4 3 (a) Show that any number congruent to 3 modulo 4 is divisible by a prime number congruent to 3 modulo 4.[You may assume that the product of any collection of integers that are all congruent to 1 modulo 4 is also congruent to 1 modulo 4.] Proof. Suppose for contradiction that the result is not true. Let n be congruent to 3 modulo 4, but not divisible by any prime number congruent to 3 modulo 4. n is odd, so it is not divisible by. Therefore, all its prime factors are odd, so they must be congruent to 1 modulo 4. Their product is therefore also congruent to 1 modulo 4. This contradicts the fact that n was congruent to 3 modulo 4. Therefore, by contradiction, n must have a prime factor congruent to 3 modulo 4. (b) Prove that there are infinitely many prime numbers congruent to 3 modulo 4. Hint: This is similar to the proof that there are infinitely many primes. We start by supposing that there are only finitely many prime numbers congruent to 3 modulo 4, and let them be p 1, p,..., p k. Now we take their product: N = p 1 p p k. Now divide into two cases: N 1 (mod 4) and N 3 (mod 4). In either case, we can add something to N to get a number congruent to 3 modulo 4 that isn t divisible by any of the primes that are congruent to 3 modulo 4. This will contradict (a). 4 Are the following numbers rational or irrational? Give proofs: (a) 6 This is irrational. Proof. Suppose 6 is rational. Let p, Z such that p = 6, with 0. Now let p = p (p,) and = (p,), so that (p, ) = 1 and p = 6. Thus p = 6, so p is even. Therefore, p is even. Thus p = k for some integer k. Therefore, 4k = (k) = 6, so k = 3. Therefore, is even, so is even, and thus p and have common factor. This contradicts (p, ) = 1, so our initial assumption that 6 is rational must be false. Therefore, 6 is irrational. (b) + 3 [Hint: What is ( + 3 )?] This is irrational: 4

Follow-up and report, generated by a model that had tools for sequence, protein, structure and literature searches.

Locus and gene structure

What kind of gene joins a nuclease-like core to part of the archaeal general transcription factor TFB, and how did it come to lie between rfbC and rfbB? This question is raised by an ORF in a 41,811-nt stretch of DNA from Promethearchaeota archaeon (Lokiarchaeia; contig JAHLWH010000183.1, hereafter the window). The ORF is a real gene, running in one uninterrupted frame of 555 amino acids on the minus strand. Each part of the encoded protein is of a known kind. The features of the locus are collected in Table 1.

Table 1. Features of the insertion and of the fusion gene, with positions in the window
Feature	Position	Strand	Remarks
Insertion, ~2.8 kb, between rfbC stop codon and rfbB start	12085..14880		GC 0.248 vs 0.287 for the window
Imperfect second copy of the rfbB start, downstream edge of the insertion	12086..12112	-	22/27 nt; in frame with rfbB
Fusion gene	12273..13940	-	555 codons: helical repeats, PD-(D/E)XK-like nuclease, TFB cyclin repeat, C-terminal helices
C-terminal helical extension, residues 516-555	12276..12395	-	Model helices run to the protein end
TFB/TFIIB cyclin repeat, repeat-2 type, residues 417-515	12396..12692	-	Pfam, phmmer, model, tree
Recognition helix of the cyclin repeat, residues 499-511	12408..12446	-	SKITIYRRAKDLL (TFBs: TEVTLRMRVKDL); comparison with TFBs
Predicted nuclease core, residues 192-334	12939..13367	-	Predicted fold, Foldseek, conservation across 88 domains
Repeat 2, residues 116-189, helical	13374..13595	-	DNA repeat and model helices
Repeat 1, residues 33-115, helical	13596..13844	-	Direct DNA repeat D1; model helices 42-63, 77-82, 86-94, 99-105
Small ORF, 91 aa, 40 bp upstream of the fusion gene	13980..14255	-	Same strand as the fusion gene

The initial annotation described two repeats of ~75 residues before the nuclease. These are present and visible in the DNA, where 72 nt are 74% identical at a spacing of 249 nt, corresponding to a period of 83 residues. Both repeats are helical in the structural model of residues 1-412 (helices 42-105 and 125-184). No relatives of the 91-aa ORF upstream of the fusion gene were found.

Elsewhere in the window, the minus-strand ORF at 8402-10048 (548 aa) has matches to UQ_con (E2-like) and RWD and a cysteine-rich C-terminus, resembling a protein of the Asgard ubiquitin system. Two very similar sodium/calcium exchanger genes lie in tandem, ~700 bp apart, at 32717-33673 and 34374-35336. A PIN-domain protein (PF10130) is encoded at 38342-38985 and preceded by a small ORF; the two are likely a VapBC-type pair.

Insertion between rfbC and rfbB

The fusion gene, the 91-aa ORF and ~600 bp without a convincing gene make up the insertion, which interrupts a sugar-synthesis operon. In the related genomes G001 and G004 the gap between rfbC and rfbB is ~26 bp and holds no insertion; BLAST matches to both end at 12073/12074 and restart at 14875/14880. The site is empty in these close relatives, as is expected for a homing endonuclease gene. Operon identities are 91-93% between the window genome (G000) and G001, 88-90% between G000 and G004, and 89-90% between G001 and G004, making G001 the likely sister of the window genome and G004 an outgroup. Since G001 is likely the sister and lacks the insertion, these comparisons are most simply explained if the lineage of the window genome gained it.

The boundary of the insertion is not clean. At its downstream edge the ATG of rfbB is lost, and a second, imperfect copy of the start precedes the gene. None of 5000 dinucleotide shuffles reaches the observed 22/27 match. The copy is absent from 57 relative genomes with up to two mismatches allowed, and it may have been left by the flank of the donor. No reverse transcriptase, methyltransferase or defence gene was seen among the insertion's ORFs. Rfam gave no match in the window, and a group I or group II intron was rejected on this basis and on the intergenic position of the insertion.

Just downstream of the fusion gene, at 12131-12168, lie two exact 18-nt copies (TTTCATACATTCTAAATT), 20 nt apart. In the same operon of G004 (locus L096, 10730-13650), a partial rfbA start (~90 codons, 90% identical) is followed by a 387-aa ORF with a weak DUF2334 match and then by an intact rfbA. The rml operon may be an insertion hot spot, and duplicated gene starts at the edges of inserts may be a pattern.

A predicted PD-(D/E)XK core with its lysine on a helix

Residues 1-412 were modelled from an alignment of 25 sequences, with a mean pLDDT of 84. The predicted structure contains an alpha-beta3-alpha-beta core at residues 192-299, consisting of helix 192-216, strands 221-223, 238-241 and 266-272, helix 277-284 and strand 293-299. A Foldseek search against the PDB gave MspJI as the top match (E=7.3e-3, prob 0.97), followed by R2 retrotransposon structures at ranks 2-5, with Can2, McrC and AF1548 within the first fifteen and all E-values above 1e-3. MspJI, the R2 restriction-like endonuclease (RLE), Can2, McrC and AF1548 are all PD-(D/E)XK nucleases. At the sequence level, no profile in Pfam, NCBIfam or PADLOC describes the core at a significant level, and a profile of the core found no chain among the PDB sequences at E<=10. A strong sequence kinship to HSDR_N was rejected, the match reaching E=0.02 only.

5 Proof. Suppose that + 3 is rational. Then ( + 3) = = must also be rational. Now = 6 is the difference of two rational numbers, and therefore rational, but it is not by (a), so by contradiction, + 3 must be irrational. 5 Show that the difference between a rational number and an irrational number is irrational. Proof. Let a be a rational number and let b be an irrational numbers. Let c = a b. We want to show that c is irrational. Suppose that c is rational. Then a c is the difference between two rational numbers, and therefore, rational. However, a c = b which is irrational. This is a contradiction, so our assumption that c is rational must be impossible. Therefore, c must be irrational. ( ) 6 Observe that = ( ) = =. Prove that there are two irrational numbers α and β such that α β is rational. Hint: This is a division into cases proof: Either is rational or it is irrational. From either of these cases, we can find α and β. This is an example of a non-constructive proof of an existential result. 7 (Bonus Question) Prove that if a positive integer n is not a suare, then n is irrational. Proof. Let the uniue prime factorisation of n be n = p e1 1 pe pe k k. Now if e 1, e,..., e k are all even, then n would be a suare. (If e i = f i for i = 1,..., k, then n is the suare of p f1 1 pf pf k k.) Thus, at least one of e 1, e,..., e k must be odd. Let e i be odd. Now suppose n is rational. Let n = p for p, Z with 0. Let p = p (p,) and = (p,). Then p = n, so p = n, so p i p. Therefore by uniue prime factorisation, p i p (see Sheet 4 Question 3). Therefore, since (p, ) = 1, p i does not divide. Now p ei i p, so we must have p ei+1 i p, since if the highest power of p i dividing p were less than p e i +1 i then it would be at most p ei 1 i, so the highest power of p i dividing p would be at most p ei 1 i, and we know that p ei i p. Therefore, p ei+1 i p, and so p ei+1 i p. Let p = p ei+1 i k, then we have p i k =, so p i, and thus, p i This contradicts the fact that (p, ) = 1, so our assumption that n was rational must be false. Therefore, if n is not a suare, then n is irrational. 8 Find 0 n < 310 satisfying: 5

6 n 7 (mod 11) (8) n 10 (mod 14) (9) n 11 (mod 15) (10) The easy way to do this is to notice that n = 4 satisfies these congruences, so the uniue solution with 0 n < 310 (11,14, and 15 are pairwise coprime) must be congruent to -4 modulo 310, so it must be = 306. A more generally applicable way is the way used in the proof of the Chinese Remainder Theorem: Observe that 14 3 (mod 11) and (mod 11), so 10 3 (4 14) (mod 11), so n 4 (mod 11 14) is the uniue solution to the first two congruences. Now (mod 154), so we need to solve the congruences n 150 (mod 154) (11) n 11 (mod 15) (1) Now (mod 15), and (mod 15), so (4 154) 11 (mod 15), Also, 11 4 = (mod 15), so n = 306 (mod 310) is the uniue solution. 6